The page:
Bishop Joseph Butler (May 18, 1692-June 16, 1752) was an Anglican theologian, philosopher and apologist who is most known for his opposition to Deism, as well as his minor controversy with John Wesley and the young Methodist Movement. Butler's philosophy and theology had a strong influence on other great thinkers, such as David Hume and John Henry Newman.
After entering the academy at Gloucester he was baptized in the Anglican Church, and in 1714 went on to attend seminary at Oriel College, Oxford. He received a Bachelor of Arts degree in 1718, and was ordained a deacon by Bishop William Talbot, Bishop of Salesbury, in the episcopal palace chapel in October of the same year. In December of 1718, he was ordained a priest by the same bishop at Saint James' Church, in Piccadilly. In 1736 he became the head chaplain for King George II's wife, Caroline of Ansbach. Subsequently he was nominated for Bishop of Bristol and consecrated on December 3, 1738 in the chapel of Lambeth palace.
Butler's most famous writing is his Analogy of Religion, Natural and Revealed, a deeply philosophical and quite effective refutation of the (at that time) popular philosophy of Deism. Butler was also known as a great moral theologian. One expert on Butler's theology and philosophy, Stephen Darwall, wrote that:
“Probably no figure had a greater impact on nineteenth century British moral philosophy than Butler.”
When we read about Butler in Methodist history, it is easy to dismiss him in a bit of Wesleyan indignation, but he was not and is not a man to be so easily dismissed. He must be understood in historical context, as well as in theological- which is quite orthodox. Butler's controversy with Wesley was hardly some fluke or petty argument, but was important to avoiding potential heresy, which often arises out of movements that place emphasis on experiential religion.
After meeting John Wesley and becoming familiar with the emotional outbursts of some in the early Methodist movement (which Butler referred to as “fits”), Bishop Butler rightly condemned “the pretending to extraordinary revelations and gifts of the Holy Spirit”, referring to such as “a horrid thing- a very horrid thing!” This led Butler to ask Wesley to leave the area, since he viewed the emotionalism attendant to the young Methodist movement to be, at the very least, near heretical.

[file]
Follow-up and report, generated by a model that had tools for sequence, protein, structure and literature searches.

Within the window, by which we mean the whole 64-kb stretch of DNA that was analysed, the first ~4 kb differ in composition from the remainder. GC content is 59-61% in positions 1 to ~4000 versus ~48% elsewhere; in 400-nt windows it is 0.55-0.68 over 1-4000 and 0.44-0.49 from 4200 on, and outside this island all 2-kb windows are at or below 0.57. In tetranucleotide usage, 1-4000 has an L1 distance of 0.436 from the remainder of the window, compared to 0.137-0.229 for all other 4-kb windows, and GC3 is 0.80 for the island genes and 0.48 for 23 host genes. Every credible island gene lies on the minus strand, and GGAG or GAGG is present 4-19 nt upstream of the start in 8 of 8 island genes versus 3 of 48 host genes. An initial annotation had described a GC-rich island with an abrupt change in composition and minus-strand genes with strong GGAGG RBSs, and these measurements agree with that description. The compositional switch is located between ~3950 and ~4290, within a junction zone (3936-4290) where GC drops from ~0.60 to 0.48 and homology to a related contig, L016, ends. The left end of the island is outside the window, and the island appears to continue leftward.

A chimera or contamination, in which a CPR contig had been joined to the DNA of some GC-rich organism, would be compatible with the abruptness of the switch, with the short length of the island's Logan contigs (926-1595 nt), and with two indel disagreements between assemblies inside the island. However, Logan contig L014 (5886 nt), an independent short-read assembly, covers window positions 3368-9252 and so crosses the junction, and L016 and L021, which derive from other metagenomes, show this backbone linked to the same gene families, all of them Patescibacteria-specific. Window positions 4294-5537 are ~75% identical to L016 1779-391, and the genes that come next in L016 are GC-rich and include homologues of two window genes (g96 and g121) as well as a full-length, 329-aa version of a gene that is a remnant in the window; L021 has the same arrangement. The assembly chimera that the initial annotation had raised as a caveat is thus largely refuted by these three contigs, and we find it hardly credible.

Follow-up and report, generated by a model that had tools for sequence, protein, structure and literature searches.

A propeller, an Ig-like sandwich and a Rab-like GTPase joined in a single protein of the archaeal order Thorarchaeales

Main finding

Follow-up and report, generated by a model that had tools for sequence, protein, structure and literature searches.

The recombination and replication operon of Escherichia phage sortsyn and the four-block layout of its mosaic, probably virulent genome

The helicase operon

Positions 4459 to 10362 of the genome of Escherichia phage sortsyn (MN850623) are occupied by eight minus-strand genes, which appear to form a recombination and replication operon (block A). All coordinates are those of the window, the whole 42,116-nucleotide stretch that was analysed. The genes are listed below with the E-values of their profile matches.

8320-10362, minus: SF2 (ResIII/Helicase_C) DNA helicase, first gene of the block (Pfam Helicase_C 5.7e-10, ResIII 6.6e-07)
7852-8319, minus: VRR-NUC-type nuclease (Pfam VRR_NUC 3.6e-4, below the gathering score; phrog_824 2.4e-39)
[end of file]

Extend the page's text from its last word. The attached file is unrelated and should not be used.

As someone who comes from outside the Wesleyan fold, as well as the holiness movement, I feel I can offer a critique of Butler's position that those raised in these circles cannot. Butler's concern was for theological orthodoxy as well as the dignity of the worship of God. Those given to so-called “charismata” tend to be anything but dignified, and quite often fall into heresy due to “pretended revelations and gifts of the Holy Spirit.” This fact is evidenced in the many tragic sects and strange practices that have developed in the modern Charismatic movement. We find such oddities as: teaching that unless someone speaks in tongues they are not truly saved, “holy laughter”, faith healing, the “little gods” heresy, gnostic dualism, holy dancing, “slain” in the Spirit, and even claims of special revelations bringing forth new doctrines or secret and lost teachings now restored in this current dispensation.
As John MacArthur writes:
“It is a sad twist of irony that those who claim to be most focused on the Holy Spirit are in actuality the ones doing the most to abuse, grieve, insult, misrepresent, quench, and dishonor Him. How do they do it? By attributing to Him words He did not say, deeds He did not do, phenomena He did not produce, and experiences that have nothing to do with Him. They boldly plaster His name on that which is not His work.”
Indeed, I agree with MacArthur as he writes:
“The sad fact is that biblical truth has never been the hallmark of the Charismatic Movement, where spiritual experience is continually elevated above sound doctrine.”
While it may not be the popular opinion with regard to the conflict between John Wesley (a man whom I highly esteem) and Butler, I find Butler's critique to have been fair, biblical and quite understandable. And given what we know today of such extraordinary manifestations of charismatic gifts, such as glossolalia, Butler's warnings and concerns were quite correct and quite nearly prophetic.